Copyright 2009 - Mario Vaden
The image here is the only Bigfoot trap of it's kind in the United States. Most of what you see in the photo remains as original. It has been disabled, no longer functional for trapping. This trap is almost in view from the old miner's cabin along the trail. In March 2007, I released a small 460 pixel version of this photo to the Public Domain for the Wikipedia Bigfoot article.
In regards to an actual Bigfoot, Yeti or Sasquatch, the most likely people to know the location of a real one on the west coast would probably be Taylor, Sillett or Atkins, mentioned on my main redwoods page. I don't think they believe in Bigfoot. But if such a creature existed, that's the kind of peope who would find such a thing. Those who spend countless hours in the redwoods.
#943 Trailhead GPS
N 42°03.073' W 123° 07.903'
Bigfoot Trap GPS
Those are the actual coordinates for the Bigfoot trap, added to the linked icons below with code triple-checked. A couple folks replied that the file navigated east near Mt. McLoughlin. For me too. But those are the coordinates, approximately 2.72 miles north of the OR / CA border, near Applegate Lake, which is searchable too. And about .56 miles NW of the lake, or .45 miles NW of Applegate Road. If you copy and paste the coordinates to a search box, that should definitely navigate to the correct location
In 2005, I posted the first online video of the Bigfoot Trap, but later removed it because there seem to be plenty of videos now for it at online video sites.
Collings Mountain Trail and the Bigfoot Trap, while it stands, are near Jacksonville and Medford in Southern Oregon, just a few miles from the Oregon and California border. This is in the Rogue River National Forest. The lake scenery and local mountains provide a nice adventure hiking.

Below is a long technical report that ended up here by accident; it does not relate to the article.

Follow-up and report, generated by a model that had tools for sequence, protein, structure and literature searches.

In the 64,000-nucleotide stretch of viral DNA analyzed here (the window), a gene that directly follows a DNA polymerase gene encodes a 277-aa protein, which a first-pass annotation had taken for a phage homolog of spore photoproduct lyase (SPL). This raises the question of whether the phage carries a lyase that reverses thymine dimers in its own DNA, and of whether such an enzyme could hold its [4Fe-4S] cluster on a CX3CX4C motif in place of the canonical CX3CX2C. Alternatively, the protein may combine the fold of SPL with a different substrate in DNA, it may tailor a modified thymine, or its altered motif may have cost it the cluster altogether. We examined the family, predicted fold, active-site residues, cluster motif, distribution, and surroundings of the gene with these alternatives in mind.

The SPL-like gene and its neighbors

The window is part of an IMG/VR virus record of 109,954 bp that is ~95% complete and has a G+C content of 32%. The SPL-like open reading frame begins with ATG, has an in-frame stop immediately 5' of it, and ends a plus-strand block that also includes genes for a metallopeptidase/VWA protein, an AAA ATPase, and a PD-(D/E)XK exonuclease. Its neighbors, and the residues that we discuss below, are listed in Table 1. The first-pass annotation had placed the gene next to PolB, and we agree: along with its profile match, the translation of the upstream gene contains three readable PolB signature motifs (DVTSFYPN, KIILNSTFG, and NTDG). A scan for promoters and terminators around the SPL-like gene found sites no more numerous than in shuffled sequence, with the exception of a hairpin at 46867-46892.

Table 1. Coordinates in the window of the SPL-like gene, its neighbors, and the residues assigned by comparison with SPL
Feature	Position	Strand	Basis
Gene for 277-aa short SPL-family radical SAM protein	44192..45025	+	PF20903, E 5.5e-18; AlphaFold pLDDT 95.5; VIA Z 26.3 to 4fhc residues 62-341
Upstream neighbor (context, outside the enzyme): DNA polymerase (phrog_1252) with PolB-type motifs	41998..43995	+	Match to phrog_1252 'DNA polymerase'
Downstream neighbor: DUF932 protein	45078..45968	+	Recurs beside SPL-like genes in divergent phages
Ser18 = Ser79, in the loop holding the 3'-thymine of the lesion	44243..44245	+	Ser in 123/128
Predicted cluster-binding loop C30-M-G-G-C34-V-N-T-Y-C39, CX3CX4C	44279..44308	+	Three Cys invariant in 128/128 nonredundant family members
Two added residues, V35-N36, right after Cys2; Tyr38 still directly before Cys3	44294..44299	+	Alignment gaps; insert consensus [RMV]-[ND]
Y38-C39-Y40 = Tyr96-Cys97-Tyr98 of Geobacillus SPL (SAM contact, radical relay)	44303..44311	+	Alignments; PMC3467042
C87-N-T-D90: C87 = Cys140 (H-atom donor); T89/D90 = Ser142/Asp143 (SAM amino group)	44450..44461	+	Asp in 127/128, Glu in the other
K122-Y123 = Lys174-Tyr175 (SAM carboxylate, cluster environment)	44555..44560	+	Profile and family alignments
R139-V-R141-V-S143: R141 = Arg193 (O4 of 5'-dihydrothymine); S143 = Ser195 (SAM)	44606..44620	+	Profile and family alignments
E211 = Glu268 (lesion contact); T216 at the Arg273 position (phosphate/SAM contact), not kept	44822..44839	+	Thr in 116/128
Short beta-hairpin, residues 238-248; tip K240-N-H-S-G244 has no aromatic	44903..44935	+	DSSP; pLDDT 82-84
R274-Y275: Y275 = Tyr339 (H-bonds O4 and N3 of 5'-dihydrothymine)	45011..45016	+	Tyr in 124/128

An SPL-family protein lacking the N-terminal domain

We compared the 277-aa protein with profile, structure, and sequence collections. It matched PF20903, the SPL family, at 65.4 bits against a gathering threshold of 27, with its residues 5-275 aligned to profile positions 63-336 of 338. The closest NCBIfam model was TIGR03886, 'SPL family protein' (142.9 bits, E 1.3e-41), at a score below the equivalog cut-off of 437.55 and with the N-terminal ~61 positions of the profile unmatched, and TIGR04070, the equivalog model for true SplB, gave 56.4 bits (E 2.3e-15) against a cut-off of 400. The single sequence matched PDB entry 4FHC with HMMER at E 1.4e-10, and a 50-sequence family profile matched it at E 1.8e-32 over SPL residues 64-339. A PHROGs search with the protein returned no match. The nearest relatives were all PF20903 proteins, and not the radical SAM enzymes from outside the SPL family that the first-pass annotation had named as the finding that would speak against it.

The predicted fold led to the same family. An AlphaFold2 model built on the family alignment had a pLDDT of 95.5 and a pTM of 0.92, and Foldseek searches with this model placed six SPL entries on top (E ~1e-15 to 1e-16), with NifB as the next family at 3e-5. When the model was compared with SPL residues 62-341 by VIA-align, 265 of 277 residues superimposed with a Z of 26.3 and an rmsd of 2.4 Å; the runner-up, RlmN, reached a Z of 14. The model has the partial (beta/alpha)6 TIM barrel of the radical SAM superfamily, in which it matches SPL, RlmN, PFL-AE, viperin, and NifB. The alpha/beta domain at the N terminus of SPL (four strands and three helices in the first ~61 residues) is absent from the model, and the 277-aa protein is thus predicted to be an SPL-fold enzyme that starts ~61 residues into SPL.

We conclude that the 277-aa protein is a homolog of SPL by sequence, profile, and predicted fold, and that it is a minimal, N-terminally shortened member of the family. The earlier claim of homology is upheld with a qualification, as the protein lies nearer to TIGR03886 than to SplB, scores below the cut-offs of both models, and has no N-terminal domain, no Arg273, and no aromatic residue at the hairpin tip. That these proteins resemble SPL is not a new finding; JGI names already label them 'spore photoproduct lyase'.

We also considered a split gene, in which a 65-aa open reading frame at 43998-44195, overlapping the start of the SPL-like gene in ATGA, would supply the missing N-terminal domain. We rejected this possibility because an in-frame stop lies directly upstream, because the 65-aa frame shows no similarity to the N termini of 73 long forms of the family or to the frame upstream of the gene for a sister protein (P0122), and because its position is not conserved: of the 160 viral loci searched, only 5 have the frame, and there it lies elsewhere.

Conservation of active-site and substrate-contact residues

Collings Mountain trail views the Siskiyou Crest, Applegate Lake, a large Bigfoot trap and mine adits. The trail was named for 2 brothers who mined near there in the 1850ís and 1860ís. There is an old collapsed cabin by the main trail. Don't confuse it with the Bigfoot trap, which is almost within sight of it. Look up on the hillside along an off-shoot path for the trap. Disabled, the gate won't shut now.
A couple of photos are in the Rogue River NF & Blue Ledge Mine album: Rogue River National Forest Album. There is quite a bit of poison-oak along the path all the way to the the Bigfoot trap. As a groundcover, shrubs and vines into oak and pine. There are one or two easy stream crossings over rock, and one with a bridge.
A couple of photos are in the Southern Oregon or Rogue River National Forest photos linked from the bottom of the page. The Bigfoot trap was built in 1974 with a special use permit. About 2005, a large falling pine just missed crushing it. Forest fires have swept the area in the past, and forest fire may devour the Bigfoot trap someday. The Sasquatch trap with fort-like strength never caught a Bigfoot. A great appeal of this trail and others nearby is exceptional solitude. If you just want to use the trail to see the trap, but desire a longer hike, consider Butte Fork trail nearby in Red Buttes Wilderness.. The Bigfoot Trap is about 20 minutes along the Collings Mountain trail. There is less poison-oak surrounding the trap than along some stretches of the trail.
West of Jacksonville, Oregon, turn off Hy. 238 onto Upper Applegate Rd. and proceed to Applegate Lake. As you drive by the lake, look for the Collings Mountain trail sign on your right.
From the roadside, the trail drops to Grouse Creek. Soon after is a collapsed cabin and the Bigfoot trap about 3/4 mile. The Bigfoot trap is a few hundred feet up an offshoot. Next, this trail climbs 1000' steeply for 1 mile to a ridge and follows Collings Mountain. There are several old mine adits. Excellent views of Applegate Lake and Siskiyou Crest. This is an okay trail, but I like others better. I generally walk to the trap for a short hike on this one. If you don't know what poison-oak looks like, visit: Poison Oak. Unless you have the itch to see the Bigfoot trap, this trail alone is not worth a drive all the way across the state.